The Volokh Conspiracy
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From Doe v. Volokh, decided today by the First Circuit, in an opinion by Judge William Kayatta, joined by Judges Gustavo Gelpí and Lara Montecalvo:
Intervenor Eugene Volokh challenges the district court's decision to allow a former New Hampshire police officer to proceed pseudonymously in challenging the inclusion of his name on New Hampshire's "Exculpatory Evidence Schedule" (EES)…. Because Doe's reasons for proceeding pseudonymously place his case within the category of "exceptional cases in which party anonymity ordinarily will be warranted," Doe v. MIT (1st Cir. 2022), we affirm the district court's exercise of its discretion in denying Volokh's motion….
The EES is a list maintained by New Hampshire's Department of Justice identifying law enforcement officers "who have engaged in misconduct reflecting negatively on their credibility or trustworthiness." … New Hampshire's Supreme Court classified the EES as a public record that did not fall into the disclosure exemption carved out for police personnel files. However, that holding did not require the public disclosure of the names of officers with pending challenges to their listing.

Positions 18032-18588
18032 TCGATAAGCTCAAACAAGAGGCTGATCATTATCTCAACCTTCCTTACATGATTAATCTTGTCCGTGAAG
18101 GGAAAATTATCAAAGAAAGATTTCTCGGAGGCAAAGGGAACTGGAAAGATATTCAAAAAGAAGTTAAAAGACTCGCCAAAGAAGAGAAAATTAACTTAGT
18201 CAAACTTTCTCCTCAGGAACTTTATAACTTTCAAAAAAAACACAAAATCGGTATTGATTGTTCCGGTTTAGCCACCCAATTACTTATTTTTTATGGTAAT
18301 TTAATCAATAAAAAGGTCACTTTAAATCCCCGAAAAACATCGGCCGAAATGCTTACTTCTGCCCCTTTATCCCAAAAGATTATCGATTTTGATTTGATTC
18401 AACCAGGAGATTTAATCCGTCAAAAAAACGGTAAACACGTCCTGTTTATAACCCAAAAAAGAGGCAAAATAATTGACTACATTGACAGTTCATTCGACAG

A year later, New Hampshire enacted a statute that more or less codified the status quo in the wake of the decisions by New Hampshire's highest court. In this manner, New Hampshire sought to provide the public with important information concerning police misconduct while also affording officers notice and an opportunity to show that they should not be included on the list before their inclusion is made public.
As relevant here, for officers like Doe whose names were on the EES in 2021, the statute requires the New Hampshire Department of Justice to notify the officer that the officer's name is on the list and gives the officer 180 days to "file a lawsuit in superior court regarding the officer's placement on the [EES]." Should the officer timely commence such a lawsuit, the officer's name will remain nonpublic during the pendency of the legal challenge and thereafter if the court finds in favor of the officer (with exceptions not relevant here)….
Formerly employed by the Town of Lisbon ("Town") police department, Doe complains that the Town caused the New Hampshire Department of Justice to add his name to the EES. When Doe received notice of his placement on the list, he timely commenced this lawsuit in New Hampshire state court challenging his listing and alleging that the Town's actions in causing him to be placed on the list violated his rights under state and federal law, including his rights to due process. The defendants timely removed the suit to federal court. Under both state and federal law, Doe seeks damages and an injunction removing his name from the list. Both parties presume that the adjudication of Doe's claims under New Hampshire law constitutes the type of proceeding envisioned by the New Hampshire statute for challenging a listing on the EES.